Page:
The title of this review essay comes from F.P. Sturm‘s translation of Charles Baudelaire‘s poem “La Vie Antérieure” (“A Former Life”). While taken slightly out of context here—the full couplet is The rolling surge that mirrored the skies/Mingled its music, turbulent and rich—the individual words convey the essence of the two jazz suites under consideration. Baudelaire’s poem is one of 8 works included in Annie Booth‘s “Flowers of Evil” (self-released), and while Booth is not the first composer to set the words of the influential French poet, she is one of the few to set his poems for vocalist and jazz ensemble. Jazz didn’t exist during Baudelaire’s lifetime, and it is highly doubtful that either Arnold Schoenberg or Anton Webern had heard any form of jazz before they wrote the pieces restructured in Jeff Lederer‘s album “Schoenberg on the Beach” (little i 111). Both of the jazz suites employ a wide variety of genres to bring these old artworks into a contemporary light.
Both works have incubated in their composer’s subconscious thoughts for several years. Lederer’s high school math teacher was Schoenberg’s son Larry. While Schoenberg fils was not too willing to discuss his father’s works to an inquisitive student (We are here to discuss Mathematics), in recent years, he has become involved with his father’s foundation, and he sent greetings to his former student as the jazz project developed. Lederer’s first attempt at setting Schoenberg’s works date back to the late 1990s, but he revisited the idea a couple of years ago, writing the new arrangements fairly quickly. Booth first set Baudelaire’s “The Albatross” in 2010 after taking an intensive French literature class at the University of Colorado. She returned to Baudelaire’s poems a few years later, focusing on the suite during a two-week residence at the Banff Centre in Alberta, Canada. I attended the work’s premiere in Boulder in March 2018, and after a successful fund-raiser, the suite was recorded in May 2021. More money was raised to press the newly-released CD and LP editions.
“The Albatross” opens “Flowers of Evil” in a setting which simulates the wounded bird’s gait through halting, stumbling rhythms. Kathryn Radakovich‘s lovely soprano voice soars over the uneven pulse as violinist Rosalee Walsh provides a rich-toned commentary. In the following movement, Booth reads the French text of “Harmonie du Soir” (“Evening Harmony”) over ominous backdrops by Matt Smiley‘s bass and Dru Heller‘s drums. Then Booth turns back to the piano to accompany Radakovich in a rubato verse of “Les Hiboux” (“The Owls”). The following verse moves the band into a joyous bouncy groove, where the vibrant tenor sax of John Gunther compliments Radakovich’s spirited vocal. The suite’s longest movement, “Le Voyage” features the tasty scoring of violin (Walsh), cello (Kari Clifton) and bass clarinet (Gunther) supporting the vocal. The style moves into progressive rock with the introduction of Tim Wendel‘s electric guitar. Wendel’s expressive solo is accompanied with strong unison horn lines and increasingly intense percussion from Heller. After a reprise with Radakovich and the band, the mood shifts into contemporary jazz with a dramatic trombone solo by Brian Woodbury, and a flowing piano solo by the composer. The coda brings back the rock feel, a brief recapitulation by Radakovich and another taste of Wendel’s guitar. “Beauty (Under Sun, Under Moon)” surges in Brazilian baião rhythm, and the perpetually-creative trumpeter Brad Goode adds to the movement’s complexity with a wild solo filled with unusual notes and audacious cross-rhythms. “Paysage” (“A Landscape”) uses the undulating rhythm section as a porous backdrop to Booth’s passionate reading of the French text. Heller’s mallets on tom-toms open the penultimate movement “The Rebel”. Anisha Rush‘s pristine alto sax engages the drummer into a spirited duet before the rest of the band enters with an urgently driving tempo. Radakovich recites the poem’s English translation, a first-person declaration by an angry angel. The mood switches to straight-ahead jazz (with none of the intensity lost) as Rush and Heller return for effective solo turns. “La Vie Antérieure” closes the suite with another soaring Radakovich vocal, performed over an intricate handclapping rhythm in the outer choruses, and alternating doubles by violin and accordion. Booth played the complete work on Denver’s jazz radio station KUVO to celebrate the album’s release. On that performance, she expanded the final movement, and that gave the work a greater sense of finality. Those readers interested in previewing this fine work should watch the video of that concert while it is still available.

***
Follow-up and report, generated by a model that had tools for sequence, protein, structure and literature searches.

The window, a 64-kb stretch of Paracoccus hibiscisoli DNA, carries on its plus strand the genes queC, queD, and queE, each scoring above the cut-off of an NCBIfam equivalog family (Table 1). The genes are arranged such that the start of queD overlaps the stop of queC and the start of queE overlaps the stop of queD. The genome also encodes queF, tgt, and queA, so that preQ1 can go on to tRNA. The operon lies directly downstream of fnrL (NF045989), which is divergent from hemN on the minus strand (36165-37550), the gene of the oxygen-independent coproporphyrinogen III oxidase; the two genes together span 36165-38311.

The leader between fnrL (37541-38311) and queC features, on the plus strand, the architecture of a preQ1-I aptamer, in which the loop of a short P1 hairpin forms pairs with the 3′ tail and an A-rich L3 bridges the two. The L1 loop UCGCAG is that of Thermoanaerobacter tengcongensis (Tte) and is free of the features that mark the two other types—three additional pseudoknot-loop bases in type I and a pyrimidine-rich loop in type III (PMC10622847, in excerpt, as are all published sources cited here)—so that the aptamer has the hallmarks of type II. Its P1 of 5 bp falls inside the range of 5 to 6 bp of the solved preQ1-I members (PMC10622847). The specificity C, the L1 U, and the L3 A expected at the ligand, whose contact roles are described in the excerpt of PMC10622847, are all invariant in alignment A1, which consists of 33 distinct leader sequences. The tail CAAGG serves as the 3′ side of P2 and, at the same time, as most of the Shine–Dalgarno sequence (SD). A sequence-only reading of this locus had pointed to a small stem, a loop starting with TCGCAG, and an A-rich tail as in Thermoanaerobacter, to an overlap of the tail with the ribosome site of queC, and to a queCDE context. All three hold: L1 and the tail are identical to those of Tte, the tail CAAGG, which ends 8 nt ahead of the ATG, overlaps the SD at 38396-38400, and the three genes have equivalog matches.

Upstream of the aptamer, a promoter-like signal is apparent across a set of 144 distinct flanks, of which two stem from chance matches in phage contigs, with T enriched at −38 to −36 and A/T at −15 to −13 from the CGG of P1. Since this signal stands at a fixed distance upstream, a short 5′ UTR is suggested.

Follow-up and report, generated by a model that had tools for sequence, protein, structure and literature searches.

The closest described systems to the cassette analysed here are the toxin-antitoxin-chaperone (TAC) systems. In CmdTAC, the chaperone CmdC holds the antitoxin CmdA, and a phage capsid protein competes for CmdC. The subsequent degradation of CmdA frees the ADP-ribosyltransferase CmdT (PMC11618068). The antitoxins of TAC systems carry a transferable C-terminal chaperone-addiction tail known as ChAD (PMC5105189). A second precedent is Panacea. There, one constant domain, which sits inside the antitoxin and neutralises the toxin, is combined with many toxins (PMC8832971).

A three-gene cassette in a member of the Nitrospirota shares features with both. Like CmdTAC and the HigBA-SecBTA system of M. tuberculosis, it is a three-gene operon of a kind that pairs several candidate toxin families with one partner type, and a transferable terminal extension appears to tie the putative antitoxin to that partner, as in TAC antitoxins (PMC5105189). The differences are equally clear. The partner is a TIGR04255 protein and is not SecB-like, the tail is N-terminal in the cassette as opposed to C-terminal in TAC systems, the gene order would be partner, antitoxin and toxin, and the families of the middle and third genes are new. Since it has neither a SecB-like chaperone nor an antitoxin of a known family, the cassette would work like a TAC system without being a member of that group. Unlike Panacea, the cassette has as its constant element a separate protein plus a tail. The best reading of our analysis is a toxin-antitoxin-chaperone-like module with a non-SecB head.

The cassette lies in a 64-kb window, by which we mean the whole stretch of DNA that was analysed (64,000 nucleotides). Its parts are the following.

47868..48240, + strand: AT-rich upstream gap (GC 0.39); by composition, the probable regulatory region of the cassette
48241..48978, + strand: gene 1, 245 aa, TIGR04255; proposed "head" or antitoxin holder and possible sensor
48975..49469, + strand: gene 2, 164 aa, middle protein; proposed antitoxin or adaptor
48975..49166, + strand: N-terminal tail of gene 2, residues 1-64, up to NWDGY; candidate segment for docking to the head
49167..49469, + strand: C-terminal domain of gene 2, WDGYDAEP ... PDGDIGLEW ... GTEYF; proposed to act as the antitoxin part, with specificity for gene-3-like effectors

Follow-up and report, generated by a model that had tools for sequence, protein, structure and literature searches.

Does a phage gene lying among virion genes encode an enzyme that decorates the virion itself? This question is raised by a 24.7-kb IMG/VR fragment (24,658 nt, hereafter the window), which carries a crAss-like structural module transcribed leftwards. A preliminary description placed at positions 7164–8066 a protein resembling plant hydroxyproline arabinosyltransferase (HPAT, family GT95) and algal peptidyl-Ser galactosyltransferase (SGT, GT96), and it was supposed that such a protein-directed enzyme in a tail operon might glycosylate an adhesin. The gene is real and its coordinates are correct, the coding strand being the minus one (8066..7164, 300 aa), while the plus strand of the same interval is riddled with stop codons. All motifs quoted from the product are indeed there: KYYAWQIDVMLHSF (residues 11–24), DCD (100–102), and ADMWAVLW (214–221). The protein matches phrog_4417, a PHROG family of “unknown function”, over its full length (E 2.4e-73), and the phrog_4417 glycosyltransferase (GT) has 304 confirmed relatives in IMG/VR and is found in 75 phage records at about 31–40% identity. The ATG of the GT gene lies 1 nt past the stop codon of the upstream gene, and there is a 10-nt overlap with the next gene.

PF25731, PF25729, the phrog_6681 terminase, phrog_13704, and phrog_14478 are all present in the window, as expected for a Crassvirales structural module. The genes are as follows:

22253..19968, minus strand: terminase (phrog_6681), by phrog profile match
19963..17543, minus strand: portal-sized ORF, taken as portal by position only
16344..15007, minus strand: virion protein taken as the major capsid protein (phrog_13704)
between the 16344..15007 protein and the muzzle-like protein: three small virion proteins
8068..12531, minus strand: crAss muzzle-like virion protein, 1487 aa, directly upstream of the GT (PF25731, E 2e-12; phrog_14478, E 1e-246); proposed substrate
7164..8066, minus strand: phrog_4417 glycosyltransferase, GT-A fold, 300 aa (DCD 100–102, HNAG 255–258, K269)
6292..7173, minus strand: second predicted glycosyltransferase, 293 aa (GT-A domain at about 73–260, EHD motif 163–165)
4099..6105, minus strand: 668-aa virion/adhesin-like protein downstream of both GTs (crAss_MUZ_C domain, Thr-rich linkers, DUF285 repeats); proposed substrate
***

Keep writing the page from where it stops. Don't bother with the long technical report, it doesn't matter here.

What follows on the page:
Arnold Schoenberg suffered from asthma, and he found that time near (and in) the ocean lessened his symptoms. Before relocating to California, he would spend his vacations at European shores, sometimes accompanied by his students Alban Berg and Anton Webern. In the liner notes to “Schoenberg on the Beach”, Jeff Lederer cites the archival photos of the composers enjoying their time out in the sun, and finds a similar feeling within the early Schoenberg and Webern songs he arranged for his chamber jazz ensemble. The album opens with a brief audio collage by Arktureye (Noel Brennan) featuring sounds associated with the ocean and the beach. These episodes are interspersed throughout the album and they unify the work into a cohesive whole. The first movement is a powerful setting of Schoenberg’s “On the Beach”. Mary LaRose‘s expressionistic reading of the Rilke poem incorporates sprechstimme (mixed speech and song), wild jumps and slides, and the deviant attitude of punk rock! Cellist Hank Roberts offers an astounding solo before LaRose returns with the final statement of the theme. Webern’s “Blummengrass” offers a calm respite with a recurring vocal line over Matt Wilson‘s gentle bossa nova beat and Lederer’s sweet-toned flute solo. Patricia Brennan fans the waves with a rich vibraphone improvisation, as Michael Formanek anchors the band with a firm beat and a beautiful lyric solo. LaRose accurately word-paints Stephen George‘s text on the opening chorus of Schoenberg’s “Beneath the Shelter”. In the second chorus, Wilson adds a strong backbeat to fortify the groove, and Lederer jumps into a virtuosic flute solo. Roberts adds substantial counterpoint, which eventually morphs into his own solo. “The Pale Flowers of Moonlight” is an excerpt from Schoenberg’s atonal masterpiece, “Pierrot Lunaire“, and Lederer’s expansive bass clarinet solo reminds us that his predecessor Eric Dolphy also loved to play progressive classical works. Webern’s “Heiter” contains a brilliant solo sequence where each of the instrumentalists develop stunning improvisations over a brief chord pattern. Like “Beneath the Shelter”, “I Gaze Upon” comes from Schoenberg’s “Hanging Garden” song cycle. This subdued track is my favorite track on the CD, for LaRose’s nuanced recitation at the beginning, her understated vocal at the end, and the beautiful solos by Roberts and Lederer in between. “Moondrunk” is the most famous movement from “Pierrot Lunaire” but I doubt that it has ever swung like this before. Wilson’s loose-limbed beat pattern is the key to the track’s success, as he holds the relaxed, yet sassy, swing. LaRose’s break in the final chorus is an utter delight! The gently swaying rhythm of Webern’s “Summer Night” inspires lyric solos from Lederer and Brennan and a breathless vocal by LaRose. At times, it sounds like Wilson is going to blow the groove apart, but he holds just before the breaking point to maintain the peaceful mood. “Summer’s Weariness” is the only Schoenberg work included here which is built on a tone row. Lederer’s setting reprises elements from the first movement, and the defiant punk attitude permeates the group’s performance. Obviously, the primary audience for this album are fans of jazz’s outer limits, but I wonder what would happen if groups of neo- and proto-punkers heard this album? It might change a few attitudes.